Facet disease causes — excess body weight
Excess body weight commonly causes facet disease, which is a term for spinal osteoarthritis. That’s because the burden of supporting additional body weight can put more pressure on the spine, accelerating wear and tear to the parts that support the neck and back. While this means those who are overweight are at a higher risk for developing this condition, the good news is that weight management is something most patients have more control over when compared to causes like age and genetics.
By learning more about facet disease and exactly how excess weight contributes to this condition, you can have a better understanding of how weight management can support either the prevention or treatment of facet disease.
What is facet disease?
Facet disease is a type of osteoarthritis that affects the joints in the spine, which are known as the facet joints. These hinge-like structures are extremely important because they not only connect adjacent vertebrae, but also allow for range of motion that is required from the spine. In order to be both strong and flexible, the joint is coated in cartilage and covered in a lubricating, synovial fluid. Facet disease describes the instance when the cartilage wears away, allowing bone-on-bone contact within the joint. This can cause:
- Local, chronic pain
- Nerve irritation
- Popping and creaking sensations
- Development of bone spurs
What role does body weight have in osteoarthritis?
Since it is primarily an age-related condition, facet disease can potentially affect anyone, but there are many risk factors that increase the chance of someone developing the issue, including weight. The burden of supporting excess weight increases the strain on the spine, which may accelerate the deterioration of vertebral cartilage.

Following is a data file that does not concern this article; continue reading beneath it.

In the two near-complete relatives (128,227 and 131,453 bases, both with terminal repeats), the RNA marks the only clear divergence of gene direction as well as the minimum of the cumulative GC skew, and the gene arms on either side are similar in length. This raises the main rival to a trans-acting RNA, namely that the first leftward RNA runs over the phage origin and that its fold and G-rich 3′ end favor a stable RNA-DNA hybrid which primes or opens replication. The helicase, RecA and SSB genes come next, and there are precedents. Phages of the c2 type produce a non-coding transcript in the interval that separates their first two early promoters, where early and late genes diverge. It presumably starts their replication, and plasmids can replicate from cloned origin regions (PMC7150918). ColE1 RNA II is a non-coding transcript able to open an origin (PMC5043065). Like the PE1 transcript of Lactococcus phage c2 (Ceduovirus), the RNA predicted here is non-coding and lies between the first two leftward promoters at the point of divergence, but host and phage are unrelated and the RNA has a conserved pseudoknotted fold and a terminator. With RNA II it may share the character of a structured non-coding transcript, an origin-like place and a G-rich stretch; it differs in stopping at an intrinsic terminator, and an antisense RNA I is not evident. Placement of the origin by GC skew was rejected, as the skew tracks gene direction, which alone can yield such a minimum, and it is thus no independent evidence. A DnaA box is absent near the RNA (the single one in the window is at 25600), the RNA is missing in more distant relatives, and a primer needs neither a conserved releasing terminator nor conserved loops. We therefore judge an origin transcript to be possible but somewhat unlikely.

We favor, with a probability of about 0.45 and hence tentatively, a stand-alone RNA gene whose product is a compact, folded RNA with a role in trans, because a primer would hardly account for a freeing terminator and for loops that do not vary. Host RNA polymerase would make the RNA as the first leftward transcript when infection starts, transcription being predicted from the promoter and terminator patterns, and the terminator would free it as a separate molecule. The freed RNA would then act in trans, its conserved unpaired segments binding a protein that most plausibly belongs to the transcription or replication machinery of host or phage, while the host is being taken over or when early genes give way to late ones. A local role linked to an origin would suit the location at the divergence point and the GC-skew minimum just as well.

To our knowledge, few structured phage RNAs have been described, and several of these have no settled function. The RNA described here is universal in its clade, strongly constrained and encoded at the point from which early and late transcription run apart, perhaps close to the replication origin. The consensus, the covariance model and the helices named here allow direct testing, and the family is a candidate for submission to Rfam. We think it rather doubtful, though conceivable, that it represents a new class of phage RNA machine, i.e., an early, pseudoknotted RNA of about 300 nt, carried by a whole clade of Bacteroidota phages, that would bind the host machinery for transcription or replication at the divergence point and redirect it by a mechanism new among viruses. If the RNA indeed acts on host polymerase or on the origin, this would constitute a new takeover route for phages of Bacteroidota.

While there is no reversing the onset of arthritis, there are many steps that can be taken to help manage its symptoms. For instance, Individuals who are diagnosed with facet disease are often encouraged to start a weight management plan involving a nutrient-rich, low-calorie diet and regular exercise. To help with symptoms and reduced mobility, doctors may also recommend physical therapy, massage, anti-inflammatory drugs and steroid injections.
Surgery can become a consideration if weeks or months of conservative treatment options don’t bring relief. If you have anxiety about the prospect of undergoing a highly invasive traditional open spine surgery, reach out to Laser Spine Institute. Our minimally invasive spine surgery offers our patients less risk of complication along with a shorter recovery time compared to traditional procedures.^
For a no-cost MRI review* to determine if you may be a candidate for one of our outpatient procedures, reach out to our dedicated team of Patient Empowerment Consultants today.